Polaris - Music from the Adventures of Pete and Pete
"Rivals the soundtrack of John Hughes' Pretty In Pink in terms of stand alone playability"
Even if you've seen an episode or two, you may not have realized that The Adventures of Pete and Pete, a short lived program on Nickelodeon that aired in the mid nineties, played many then-obscure bands as background music that have now achieved semi legendary status, including the Magnetic Fields and shoegaze act Drop Nineteens. Despite the outstanding musical lineup that rivals the soundtrack of John Hughes' Pretty In Pink in terms of stand alone playability, the fictional band that sometimes appears in the Petes' neighborhood, Polaris, is the one that sticks in the minds of loyal fans.
Fronted by Miracle Legion's Mark Mulcahy, Polaris' genre-less garage band feel is a perfect match for the show's low key, vaguely offbeat vibe. Their sound, like Pete and Pete, still feels fresh to this day due to its timeless spirit and brazen simplicity. Simple chord progressions only serve to Mulcahy's chiming lead guitars, which shower and fizzle like the emissions of a 4th of July sparkler. His twangy, slightly acidic accompanying vocals add a bit of abrasion to the buttery instrumentation provided by the backing band, but it only improves the already solid base of each track. Polaris' knack for harmony and production can cause any song, even one about summer, to evoke the feeling and mood of late Autumn, which in my opinion, is the perfect season for creating sonic and lyrical imagery. In fact, much of the show seems to be set in the fall, as evident in the ever-present flannels and Little Pete's red hunting cap.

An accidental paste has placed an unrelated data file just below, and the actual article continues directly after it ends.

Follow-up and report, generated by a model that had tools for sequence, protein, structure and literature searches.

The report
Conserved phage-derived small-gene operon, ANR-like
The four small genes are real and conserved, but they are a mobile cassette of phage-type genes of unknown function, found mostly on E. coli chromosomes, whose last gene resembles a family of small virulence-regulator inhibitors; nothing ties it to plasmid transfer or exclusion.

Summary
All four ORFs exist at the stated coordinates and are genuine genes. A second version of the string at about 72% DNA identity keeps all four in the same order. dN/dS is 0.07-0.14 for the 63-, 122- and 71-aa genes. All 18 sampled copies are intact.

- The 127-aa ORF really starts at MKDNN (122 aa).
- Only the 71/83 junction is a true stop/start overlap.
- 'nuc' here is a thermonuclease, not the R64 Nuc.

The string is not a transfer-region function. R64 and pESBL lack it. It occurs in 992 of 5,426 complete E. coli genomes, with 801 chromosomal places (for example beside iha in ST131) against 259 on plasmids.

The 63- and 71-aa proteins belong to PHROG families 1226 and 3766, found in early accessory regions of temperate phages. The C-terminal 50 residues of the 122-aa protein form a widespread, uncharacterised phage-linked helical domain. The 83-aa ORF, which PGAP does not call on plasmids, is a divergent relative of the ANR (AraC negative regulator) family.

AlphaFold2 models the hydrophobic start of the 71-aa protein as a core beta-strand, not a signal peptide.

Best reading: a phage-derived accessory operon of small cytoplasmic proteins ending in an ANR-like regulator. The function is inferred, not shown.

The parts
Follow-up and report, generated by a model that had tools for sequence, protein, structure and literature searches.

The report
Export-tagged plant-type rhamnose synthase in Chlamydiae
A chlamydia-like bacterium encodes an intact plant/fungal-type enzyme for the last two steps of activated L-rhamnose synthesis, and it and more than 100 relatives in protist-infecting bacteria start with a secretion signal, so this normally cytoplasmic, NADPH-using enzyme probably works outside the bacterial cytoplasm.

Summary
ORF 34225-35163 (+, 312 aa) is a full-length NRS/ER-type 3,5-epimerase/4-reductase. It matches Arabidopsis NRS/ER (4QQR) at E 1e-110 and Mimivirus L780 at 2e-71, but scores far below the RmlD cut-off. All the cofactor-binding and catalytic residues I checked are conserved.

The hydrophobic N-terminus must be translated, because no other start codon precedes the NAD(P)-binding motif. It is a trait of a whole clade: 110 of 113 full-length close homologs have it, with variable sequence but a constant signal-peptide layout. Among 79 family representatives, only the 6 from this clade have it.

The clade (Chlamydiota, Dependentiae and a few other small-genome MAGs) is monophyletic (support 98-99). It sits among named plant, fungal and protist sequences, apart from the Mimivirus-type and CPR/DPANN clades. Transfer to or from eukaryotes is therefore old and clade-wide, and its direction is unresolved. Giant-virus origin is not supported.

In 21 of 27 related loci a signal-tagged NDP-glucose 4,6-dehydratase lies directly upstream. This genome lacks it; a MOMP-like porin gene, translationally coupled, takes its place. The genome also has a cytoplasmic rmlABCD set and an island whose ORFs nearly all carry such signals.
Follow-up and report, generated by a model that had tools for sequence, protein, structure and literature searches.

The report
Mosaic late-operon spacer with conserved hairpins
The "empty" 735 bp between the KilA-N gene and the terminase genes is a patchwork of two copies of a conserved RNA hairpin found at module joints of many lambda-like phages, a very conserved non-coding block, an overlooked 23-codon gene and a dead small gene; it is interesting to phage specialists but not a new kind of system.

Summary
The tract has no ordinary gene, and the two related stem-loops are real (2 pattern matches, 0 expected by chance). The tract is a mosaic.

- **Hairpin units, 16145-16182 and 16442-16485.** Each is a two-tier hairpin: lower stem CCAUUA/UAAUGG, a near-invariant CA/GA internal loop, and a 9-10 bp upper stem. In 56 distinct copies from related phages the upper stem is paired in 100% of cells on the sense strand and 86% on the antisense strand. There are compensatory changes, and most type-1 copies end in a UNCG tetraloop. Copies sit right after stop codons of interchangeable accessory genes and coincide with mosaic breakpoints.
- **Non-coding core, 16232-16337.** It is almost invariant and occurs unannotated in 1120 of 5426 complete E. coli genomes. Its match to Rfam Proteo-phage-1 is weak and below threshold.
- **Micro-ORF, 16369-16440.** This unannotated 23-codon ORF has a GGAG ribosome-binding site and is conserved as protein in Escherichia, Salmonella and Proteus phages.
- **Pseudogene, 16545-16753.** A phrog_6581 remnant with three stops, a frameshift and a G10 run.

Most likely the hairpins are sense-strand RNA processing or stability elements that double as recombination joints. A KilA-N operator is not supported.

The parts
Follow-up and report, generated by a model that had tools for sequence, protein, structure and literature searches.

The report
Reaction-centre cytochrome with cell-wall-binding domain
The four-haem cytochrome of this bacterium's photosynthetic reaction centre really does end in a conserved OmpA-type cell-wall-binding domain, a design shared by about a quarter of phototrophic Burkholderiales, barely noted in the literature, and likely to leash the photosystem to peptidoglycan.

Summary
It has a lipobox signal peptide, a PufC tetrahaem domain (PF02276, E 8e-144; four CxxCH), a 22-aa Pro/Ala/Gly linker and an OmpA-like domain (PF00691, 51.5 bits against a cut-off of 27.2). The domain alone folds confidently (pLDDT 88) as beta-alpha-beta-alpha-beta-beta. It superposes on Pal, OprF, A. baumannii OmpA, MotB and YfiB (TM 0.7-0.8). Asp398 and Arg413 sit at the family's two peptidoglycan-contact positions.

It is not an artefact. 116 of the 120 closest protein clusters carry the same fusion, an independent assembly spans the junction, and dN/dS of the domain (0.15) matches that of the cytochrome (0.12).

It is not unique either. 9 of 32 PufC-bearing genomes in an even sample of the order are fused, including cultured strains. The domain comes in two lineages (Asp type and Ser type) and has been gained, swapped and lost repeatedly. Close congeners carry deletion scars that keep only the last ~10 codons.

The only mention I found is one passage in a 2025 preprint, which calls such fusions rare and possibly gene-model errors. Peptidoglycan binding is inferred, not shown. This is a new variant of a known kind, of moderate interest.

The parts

"Hey Sandy" is the first song on the album and Pete and Pete's theme song, an upbeat tune with glistening guitar and bouncy rhythm that serve as a lively introduction to both the compilation as well as the show itself. It's highlighted by a soaring guitar solo that melts in your inner ear, and it's one of the few theme songs I've heard that translates from the small screen to speakers. Don't stop there, though, as the best cuts off the soundtrack are buried three-fourths of the way through like "Coronado II", which takes a less callous take on Dinosaur Jr's alt-rock delivery. Things even slow down for the baroque-pop infused "As Usual". Even if you haven't seen an episode of Pete and Pete (which you should do sometime soon), give Polaris a listen. For a band featured on a Nickelodeon series, they're outstanding.